20 July 2011
1.1 Formulation and Execution of US Trade Policy
The US trade regime consists of a complex web of diverse regulatory and policy objectives. These goals are often inter-related and mutually reinforcing. Trade objectives must also co-exist with US foreign and domestic policy goals that address multiple political, economic, security and social considerations. These multi-layered objectives often require US legislators and Administration officials to balance conflicting goals, especially in the areas of international trade and homeland security.
For example, US export policy works toward opening markets throughout the world to create new opportunities and higher living standards for families, farmers, manufacturers, workers, consumers and businesses. The Office of the US Trade Representative is responsible for developing and co-ordinating US international trade, commodity and direct investment policy, and overseeing negotiations with other countries. At the same time, however, the US Department of Commerce is responsible for managing a comprehensive export-control system that restricts the exportation of sensitive items, including military goods and technology and high-technology civilian goods that may be used for military means (i.e., dual-use technology).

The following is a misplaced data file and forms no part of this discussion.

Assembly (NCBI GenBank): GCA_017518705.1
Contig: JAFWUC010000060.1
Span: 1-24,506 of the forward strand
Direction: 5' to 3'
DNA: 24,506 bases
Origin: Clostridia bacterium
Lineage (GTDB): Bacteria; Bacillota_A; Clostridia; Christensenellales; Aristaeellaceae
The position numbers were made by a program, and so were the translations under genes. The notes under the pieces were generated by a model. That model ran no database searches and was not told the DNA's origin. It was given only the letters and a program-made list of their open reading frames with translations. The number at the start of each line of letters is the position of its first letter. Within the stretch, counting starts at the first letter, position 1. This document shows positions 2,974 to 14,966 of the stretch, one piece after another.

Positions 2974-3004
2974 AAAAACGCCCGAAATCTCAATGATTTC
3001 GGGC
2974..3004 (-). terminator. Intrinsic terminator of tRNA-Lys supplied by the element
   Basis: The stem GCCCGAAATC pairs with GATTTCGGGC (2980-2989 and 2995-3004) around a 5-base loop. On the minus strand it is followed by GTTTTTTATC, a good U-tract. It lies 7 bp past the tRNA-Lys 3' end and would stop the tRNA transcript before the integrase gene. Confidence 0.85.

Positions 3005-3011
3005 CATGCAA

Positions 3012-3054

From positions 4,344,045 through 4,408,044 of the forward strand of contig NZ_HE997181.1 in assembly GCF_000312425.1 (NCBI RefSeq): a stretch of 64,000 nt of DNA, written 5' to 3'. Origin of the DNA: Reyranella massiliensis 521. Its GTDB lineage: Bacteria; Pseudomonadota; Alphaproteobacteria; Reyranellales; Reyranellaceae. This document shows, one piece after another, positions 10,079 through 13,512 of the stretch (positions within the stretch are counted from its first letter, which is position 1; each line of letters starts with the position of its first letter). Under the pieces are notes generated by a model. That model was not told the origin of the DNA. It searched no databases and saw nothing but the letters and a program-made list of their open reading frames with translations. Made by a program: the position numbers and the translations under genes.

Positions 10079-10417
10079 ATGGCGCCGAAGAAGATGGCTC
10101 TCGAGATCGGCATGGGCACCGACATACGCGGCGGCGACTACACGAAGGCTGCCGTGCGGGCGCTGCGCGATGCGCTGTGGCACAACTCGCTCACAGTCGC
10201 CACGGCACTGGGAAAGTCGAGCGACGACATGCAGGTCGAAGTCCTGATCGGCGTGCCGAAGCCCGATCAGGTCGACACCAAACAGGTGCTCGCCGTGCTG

US import policy is also characterised by a balancing act between trade and security concerns. In essence, the US government seeks to facilitate and expedite the inward flow of international goods and services while maintaining national security and ensuring that all pertinent laws and regulations are being observed. The US government is also tasked with ensuring that domestic industries and jobs are safeguarded against unfair trade practices, such as unfairly priced imports, illegally subsidised imports, or surging imports. Additionally, the US administers a range of uni-lateral, bi-lateral, regional and multi-lateral preferential trade arrangements; enforces a number of trade restrictions and restraints; and undertakes various other trade-related functions.
The first three articles of the US Constitution provide for a system of governance based on the separation of powers among three branches: the legislative (Congress); the executive (the Administration); and the judicial (the courts). While these branches interact closely with one another, each has separate functions and acts independently.
All three branches of government play a role in the formulation and execution of US trade policy. Ultimately, however, it is the US Congress that holds chief authority over trade matters. For most of US history, this responsibility largely meant setting tariffs on imports. In today’s increasingly globalised world, however, congressional oversight of trade covers a broad range of issues – labour and the environment, government procurement, cargo security, international exchange rates and a host of others.